Rather than the familiar wooded savanna or a Museum of Natural History, the image of a stuffed sable antelope inhabits a different landscape: through static museum displays, staged re-enactments and a street parade, the animal navigates contemporary Angola, sharing the complicated histories of its colonial past and potential future along the way.
HD video, stereo sound, 17 minutes
Havemos de Voltar approaches the subject of post-colonial history from the perspective of the bodies that were frozen in its service, breathing new life into lingering desires. Kiluanji Kia Henda’s work is part of a trilogy that approaches contemporary Angola and its violent past, which the country has attempted to brush over in the rush to join the ranks of “successful” global nations. The video takes its title from a poem by Agostinho Neto, the country’s first president and one of its most prolific poets. Written in exile in a Lisbon prison, Neto’s text appeals to Angolans to find true independence and freedom by returning to their African traditions. A time-hopping travelogue between colonized, militarized and representational environments, Havemos de Voltar explores the seductive relationships between art, history and nostalgia.
To our rivers, our lakes
our mountains, our forests
we will return
To the marimba and the quissange
to our carnival
we shall return
We shall return
to liberated Angola
(Agostinho Neto, Havemos de Voltar, 1960)
The main character of Havemos de Voltar is Amélia Capomba, a giant sable antelope. Not merely the national symbol of Angola, nor a stuffed corpse preserved as a historical artefact, Amélia has recently regained consciousness and is plotting her escape from the Archive Center in Luanda, where she is kept. While Neto’s poem is a political manifesto, Amélia speaks in terms of passionate and personal desire to return to her natural state, with blood to replace the embalming fluid in her veins. She wants to return to the past in order to have her revenge on history, which took away her life in order to represent a certain narrative of reality.
Although fond of Mr. Baltazar, the curatorial guardian of the Archive Center, Amélia is happy to embrace the opportunity offered by the appearance of Chinese businessman Daniel Jianping, who wants to purchase the antelope for his new nightclub. Amélia’s high spirits are infectious, even if the memories of the forest she hopes to return to are accompanied by images of museum dioramas and stuffed animals. The time machine she is sure she will find appears to be in fact the flashing spectacle of a nightclub, complete with disco dancers in fluorescent tribal attire.
Amélia’s eloquent narration flows swiftly between lyrical insights into the nature of history, reflections on the status of the object and her memories of freedom. Is it possible to long for something that we have never fully experienced? It is hard not to feel sympathetic for the antelope’s desire to reverse the violent tide of history. After all, the monuments to the past, the taxidermies in the natural history museum, the colonial tiles telling the story of conquest and missionary zeal, all of these were built and preserved for a foreign gaze. Passed into history, they have become representations, objects of nostalgia and forgetting.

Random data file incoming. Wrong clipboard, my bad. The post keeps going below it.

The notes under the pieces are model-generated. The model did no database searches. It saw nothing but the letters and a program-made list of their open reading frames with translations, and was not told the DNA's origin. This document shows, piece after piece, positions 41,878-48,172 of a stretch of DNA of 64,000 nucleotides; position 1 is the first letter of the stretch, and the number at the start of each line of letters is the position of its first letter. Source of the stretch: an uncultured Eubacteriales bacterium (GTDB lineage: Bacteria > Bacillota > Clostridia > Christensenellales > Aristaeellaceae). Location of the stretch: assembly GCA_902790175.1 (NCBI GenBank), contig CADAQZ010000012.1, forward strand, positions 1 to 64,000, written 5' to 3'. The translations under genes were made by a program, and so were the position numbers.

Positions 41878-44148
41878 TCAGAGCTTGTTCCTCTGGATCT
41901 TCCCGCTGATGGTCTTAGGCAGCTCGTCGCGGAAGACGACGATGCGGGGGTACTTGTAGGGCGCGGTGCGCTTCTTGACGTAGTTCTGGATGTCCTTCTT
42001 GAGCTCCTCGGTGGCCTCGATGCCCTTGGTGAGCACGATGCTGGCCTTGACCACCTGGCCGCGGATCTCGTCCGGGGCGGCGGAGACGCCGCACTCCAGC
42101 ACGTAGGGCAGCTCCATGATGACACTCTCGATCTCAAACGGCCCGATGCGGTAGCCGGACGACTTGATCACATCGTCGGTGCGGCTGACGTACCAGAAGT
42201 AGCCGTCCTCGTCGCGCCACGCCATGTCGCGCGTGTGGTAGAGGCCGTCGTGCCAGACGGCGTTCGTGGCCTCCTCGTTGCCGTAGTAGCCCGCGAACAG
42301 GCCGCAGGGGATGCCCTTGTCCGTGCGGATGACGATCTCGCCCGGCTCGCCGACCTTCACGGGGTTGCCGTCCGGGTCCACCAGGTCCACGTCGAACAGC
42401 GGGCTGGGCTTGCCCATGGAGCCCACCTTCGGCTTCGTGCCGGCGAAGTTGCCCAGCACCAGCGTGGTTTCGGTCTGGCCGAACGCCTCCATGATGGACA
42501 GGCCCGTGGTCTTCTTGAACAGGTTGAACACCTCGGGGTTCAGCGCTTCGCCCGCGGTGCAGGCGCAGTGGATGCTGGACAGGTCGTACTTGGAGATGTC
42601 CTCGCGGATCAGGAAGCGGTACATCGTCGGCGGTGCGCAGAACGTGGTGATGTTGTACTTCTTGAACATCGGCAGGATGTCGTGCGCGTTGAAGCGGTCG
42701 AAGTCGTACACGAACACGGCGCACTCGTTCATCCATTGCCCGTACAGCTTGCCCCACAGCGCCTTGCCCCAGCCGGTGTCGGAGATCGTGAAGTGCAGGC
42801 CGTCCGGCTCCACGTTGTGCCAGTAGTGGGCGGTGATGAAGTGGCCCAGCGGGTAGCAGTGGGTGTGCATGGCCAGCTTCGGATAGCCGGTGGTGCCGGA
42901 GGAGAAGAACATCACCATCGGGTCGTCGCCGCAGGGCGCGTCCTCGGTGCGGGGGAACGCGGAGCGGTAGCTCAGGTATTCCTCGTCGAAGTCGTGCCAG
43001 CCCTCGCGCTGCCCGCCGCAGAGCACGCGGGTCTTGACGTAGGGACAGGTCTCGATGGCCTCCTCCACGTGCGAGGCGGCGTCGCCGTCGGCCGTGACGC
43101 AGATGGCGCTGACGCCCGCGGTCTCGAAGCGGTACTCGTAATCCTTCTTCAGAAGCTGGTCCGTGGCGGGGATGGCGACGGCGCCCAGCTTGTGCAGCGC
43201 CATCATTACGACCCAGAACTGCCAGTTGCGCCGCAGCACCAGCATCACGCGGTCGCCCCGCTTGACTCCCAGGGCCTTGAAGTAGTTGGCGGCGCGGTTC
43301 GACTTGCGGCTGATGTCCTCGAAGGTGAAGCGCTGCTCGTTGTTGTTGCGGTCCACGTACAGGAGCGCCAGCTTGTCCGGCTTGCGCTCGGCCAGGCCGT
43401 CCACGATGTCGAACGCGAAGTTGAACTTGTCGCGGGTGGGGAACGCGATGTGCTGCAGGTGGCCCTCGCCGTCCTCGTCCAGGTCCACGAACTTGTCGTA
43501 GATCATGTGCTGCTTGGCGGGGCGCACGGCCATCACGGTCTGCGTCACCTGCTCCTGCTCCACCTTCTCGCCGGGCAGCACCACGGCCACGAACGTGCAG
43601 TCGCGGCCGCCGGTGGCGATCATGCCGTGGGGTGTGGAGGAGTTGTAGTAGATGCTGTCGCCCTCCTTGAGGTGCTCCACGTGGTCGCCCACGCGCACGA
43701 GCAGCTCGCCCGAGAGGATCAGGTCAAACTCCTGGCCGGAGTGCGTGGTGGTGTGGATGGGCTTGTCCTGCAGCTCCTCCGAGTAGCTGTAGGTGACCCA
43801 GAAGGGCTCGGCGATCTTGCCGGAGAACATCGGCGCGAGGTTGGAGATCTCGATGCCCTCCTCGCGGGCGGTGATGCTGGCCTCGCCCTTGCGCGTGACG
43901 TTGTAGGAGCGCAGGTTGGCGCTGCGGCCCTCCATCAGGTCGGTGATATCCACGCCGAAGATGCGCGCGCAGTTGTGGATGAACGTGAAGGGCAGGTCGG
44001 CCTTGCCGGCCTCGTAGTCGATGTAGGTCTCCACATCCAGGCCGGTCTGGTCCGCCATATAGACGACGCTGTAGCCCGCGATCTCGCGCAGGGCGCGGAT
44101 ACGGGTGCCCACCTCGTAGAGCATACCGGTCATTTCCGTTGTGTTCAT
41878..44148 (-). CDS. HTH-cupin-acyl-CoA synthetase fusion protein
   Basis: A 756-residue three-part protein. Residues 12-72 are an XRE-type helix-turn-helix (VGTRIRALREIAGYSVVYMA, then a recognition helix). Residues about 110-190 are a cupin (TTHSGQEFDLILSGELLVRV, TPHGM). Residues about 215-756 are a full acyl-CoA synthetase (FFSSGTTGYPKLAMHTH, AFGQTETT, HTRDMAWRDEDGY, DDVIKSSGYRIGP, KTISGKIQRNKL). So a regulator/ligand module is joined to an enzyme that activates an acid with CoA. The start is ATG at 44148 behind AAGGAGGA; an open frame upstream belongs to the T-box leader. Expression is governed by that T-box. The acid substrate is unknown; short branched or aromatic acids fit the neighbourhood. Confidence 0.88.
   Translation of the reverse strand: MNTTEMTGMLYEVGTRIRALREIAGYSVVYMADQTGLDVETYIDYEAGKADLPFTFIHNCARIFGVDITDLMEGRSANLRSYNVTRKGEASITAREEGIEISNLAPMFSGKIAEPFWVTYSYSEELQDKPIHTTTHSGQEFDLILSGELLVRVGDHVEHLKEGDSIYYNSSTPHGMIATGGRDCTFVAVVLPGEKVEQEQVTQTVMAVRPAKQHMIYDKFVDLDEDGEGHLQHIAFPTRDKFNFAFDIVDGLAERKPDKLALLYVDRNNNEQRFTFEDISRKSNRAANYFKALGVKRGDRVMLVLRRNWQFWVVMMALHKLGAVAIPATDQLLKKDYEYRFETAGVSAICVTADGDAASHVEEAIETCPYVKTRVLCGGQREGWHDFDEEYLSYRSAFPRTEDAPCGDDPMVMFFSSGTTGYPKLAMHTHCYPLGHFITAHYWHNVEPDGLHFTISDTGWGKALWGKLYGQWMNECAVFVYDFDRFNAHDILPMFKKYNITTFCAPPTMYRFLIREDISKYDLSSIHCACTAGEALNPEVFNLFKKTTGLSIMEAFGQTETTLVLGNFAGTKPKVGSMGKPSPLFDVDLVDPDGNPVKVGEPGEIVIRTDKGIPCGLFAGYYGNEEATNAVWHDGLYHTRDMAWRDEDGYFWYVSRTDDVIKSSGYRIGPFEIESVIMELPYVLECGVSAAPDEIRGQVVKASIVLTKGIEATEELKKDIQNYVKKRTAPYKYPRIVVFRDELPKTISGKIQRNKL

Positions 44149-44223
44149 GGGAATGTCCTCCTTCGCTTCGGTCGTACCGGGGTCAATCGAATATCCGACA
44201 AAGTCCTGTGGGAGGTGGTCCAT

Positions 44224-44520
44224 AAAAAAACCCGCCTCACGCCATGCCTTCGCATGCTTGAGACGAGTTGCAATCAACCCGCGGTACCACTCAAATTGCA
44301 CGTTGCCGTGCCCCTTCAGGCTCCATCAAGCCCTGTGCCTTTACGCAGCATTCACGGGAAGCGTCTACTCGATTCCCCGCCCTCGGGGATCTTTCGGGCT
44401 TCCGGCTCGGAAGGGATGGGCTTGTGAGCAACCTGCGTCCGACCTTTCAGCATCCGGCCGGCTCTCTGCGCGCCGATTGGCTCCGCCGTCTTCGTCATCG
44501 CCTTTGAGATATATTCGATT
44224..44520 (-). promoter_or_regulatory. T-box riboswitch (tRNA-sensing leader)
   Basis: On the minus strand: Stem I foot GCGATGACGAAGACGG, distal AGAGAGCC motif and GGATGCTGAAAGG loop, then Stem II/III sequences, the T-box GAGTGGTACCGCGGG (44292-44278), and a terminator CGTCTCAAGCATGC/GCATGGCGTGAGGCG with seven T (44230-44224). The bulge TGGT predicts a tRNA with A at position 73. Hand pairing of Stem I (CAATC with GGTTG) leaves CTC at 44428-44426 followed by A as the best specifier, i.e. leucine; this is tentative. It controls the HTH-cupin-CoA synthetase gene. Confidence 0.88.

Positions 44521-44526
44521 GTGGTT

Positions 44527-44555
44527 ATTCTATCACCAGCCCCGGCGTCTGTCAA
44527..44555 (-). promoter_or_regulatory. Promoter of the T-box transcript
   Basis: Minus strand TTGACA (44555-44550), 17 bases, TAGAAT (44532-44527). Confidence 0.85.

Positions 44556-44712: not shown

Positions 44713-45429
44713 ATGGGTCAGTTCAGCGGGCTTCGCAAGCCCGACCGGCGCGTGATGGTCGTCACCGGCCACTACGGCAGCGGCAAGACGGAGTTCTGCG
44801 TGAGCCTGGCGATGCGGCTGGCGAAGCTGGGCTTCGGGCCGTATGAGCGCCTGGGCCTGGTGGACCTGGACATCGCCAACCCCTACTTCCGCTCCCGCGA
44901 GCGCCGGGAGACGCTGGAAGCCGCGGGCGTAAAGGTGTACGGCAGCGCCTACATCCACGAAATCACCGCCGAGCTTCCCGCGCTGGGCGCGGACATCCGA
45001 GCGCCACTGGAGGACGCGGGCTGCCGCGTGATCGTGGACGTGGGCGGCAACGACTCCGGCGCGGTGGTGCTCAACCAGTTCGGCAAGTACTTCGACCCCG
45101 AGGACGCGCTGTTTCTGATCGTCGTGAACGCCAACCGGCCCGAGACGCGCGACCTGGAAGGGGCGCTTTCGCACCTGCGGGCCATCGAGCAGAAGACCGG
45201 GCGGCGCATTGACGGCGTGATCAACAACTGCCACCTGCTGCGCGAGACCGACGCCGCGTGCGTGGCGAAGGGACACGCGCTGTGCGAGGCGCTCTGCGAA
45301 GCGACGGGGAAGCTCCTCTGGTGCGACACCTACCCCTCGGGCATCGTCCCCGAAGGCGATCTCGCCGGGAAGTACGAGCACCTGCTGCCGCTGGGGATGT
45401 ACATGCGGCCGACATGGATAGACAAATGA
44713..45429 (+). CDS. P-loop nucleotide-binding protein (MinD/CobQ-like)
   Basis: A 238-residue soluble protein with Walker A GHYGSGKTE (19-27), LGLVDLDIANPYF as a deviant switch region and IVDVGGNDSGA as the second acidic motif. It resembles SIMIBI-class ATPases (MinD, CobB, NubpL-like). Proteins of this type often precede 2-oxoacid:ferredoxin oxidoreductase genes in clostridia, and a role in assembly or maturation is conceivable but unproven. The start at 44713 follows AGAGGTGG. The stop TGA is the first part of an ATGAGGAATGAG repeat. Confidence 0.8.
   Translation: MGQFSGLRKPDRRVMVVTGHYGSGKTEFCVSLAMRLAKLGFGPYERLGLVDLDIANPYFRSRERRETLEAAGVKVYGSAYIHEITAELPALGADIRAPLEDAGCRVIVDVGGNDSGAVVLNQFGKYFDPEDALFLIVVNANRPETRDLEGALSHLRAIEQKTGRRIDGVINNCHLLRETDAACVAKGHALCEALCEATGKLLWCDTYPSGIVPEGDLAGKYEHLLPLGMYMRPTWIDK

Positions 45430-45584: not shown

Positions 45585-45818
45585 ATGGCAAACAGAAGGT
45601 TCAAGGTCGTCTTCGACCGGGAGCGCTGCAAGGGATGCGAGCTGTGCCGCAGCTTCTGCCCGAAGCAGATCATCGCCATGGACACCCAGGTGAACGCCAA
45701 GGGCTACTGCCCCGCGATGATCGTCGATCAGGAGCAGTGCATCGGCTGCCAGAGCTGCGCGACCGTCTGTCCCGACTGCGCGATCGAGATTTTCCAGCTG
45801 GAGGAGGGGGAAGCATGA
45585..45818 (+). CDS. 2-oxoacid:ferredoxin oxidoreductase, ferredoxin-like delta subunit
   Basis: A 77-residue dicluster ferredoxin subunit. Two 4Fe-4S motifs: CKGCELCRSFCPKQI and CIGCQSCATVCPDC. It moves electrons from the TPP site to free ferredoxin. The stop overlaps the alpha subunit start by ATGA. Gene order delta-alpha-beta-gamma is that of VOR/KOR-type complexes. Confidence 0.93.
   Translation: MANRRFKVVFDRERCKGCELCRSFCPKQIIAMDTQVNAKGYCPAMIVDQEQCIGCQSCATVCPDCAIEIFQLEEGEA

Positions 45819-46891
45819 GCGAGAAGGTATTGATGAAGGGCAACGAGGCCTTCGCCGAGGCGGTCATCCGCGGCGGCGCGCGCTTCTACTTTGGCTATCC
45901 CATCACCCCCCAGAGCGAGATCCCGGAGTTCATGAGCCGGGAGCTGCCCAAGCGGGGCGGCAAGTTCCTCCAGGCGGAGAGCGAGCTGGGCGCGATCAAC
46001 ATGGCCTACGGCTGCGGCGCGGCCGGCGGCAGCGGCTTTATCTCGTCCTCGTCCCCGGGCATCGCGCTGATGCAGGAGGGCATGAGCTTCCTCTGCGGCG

The purpose of the recording is also to certify the death of the event you want to tell
Amélia can see these problems, can feel where her movement has been stilled. Now that the filmmaker has given her a voice and a taste of freedom, there is no time to waste. Unfortunately, the violence of history is not one that can be undone by simply returning to its origins or retracing its steps. The romantic view of nature that inspired Western nations to take guardianship of the African Eden is not all that different from Neto’s paradise of rivers, lakes, mountains and forests. Both fail to acknowledge the history of conflict and oppression that has marked this landscape. Is it possible to locate a moment of purity in the ways we have lived together in the past?
Amélia ends up in the wrong part of history, during the South African invasion of Angola, another time of militarized invasion. Her voyage has followed the representations of others; she has been misguided within the world of illusions that tells us there is something “essential,” “real” and “natural” to be found in images and records. You can’t escape your past, but our origins are not reducible to a single moment. Cycles of violence and trauma cannot be skipped over: they call for acknowledgement and repair. Otherwise we may not recognize the world we return to, nor the future we wish for.
As such, Havemos de Voltar takes up a question that is broader than the Angolan context: what to do with the remains, memories and frozen bodies of the past, currently contained and erased in our museums and archives? All these objects are prevented from serving the purpose for which they are created. Amélia is a prosthetic of sorts, a fiberglass placeholder for an idea of life, a ghostly memory and phantom pain. But in the oral tradition of storytelling, she becomes an animal with a voice, a creature of the present, and the film itself becomes a time machine.
A film by Kiluanji Kia Henda
Producer: Jorge Cohen
Associate producer: Tchiloia Lara
Script: Kiluanji Kia Henda
Production assistant: Kamy Lara
Director of photography: Ery Calver
First camera assistant: Kamy Lara
Second camera assistant: Clemente Basílio
Production assistants: Clemente Basílio, Bruno Gonga, Pedro Cunha
Produced by Geração 80 and Jahmek Contemporary Art
Courtesy the artist and Goodman Gallery, Cape Town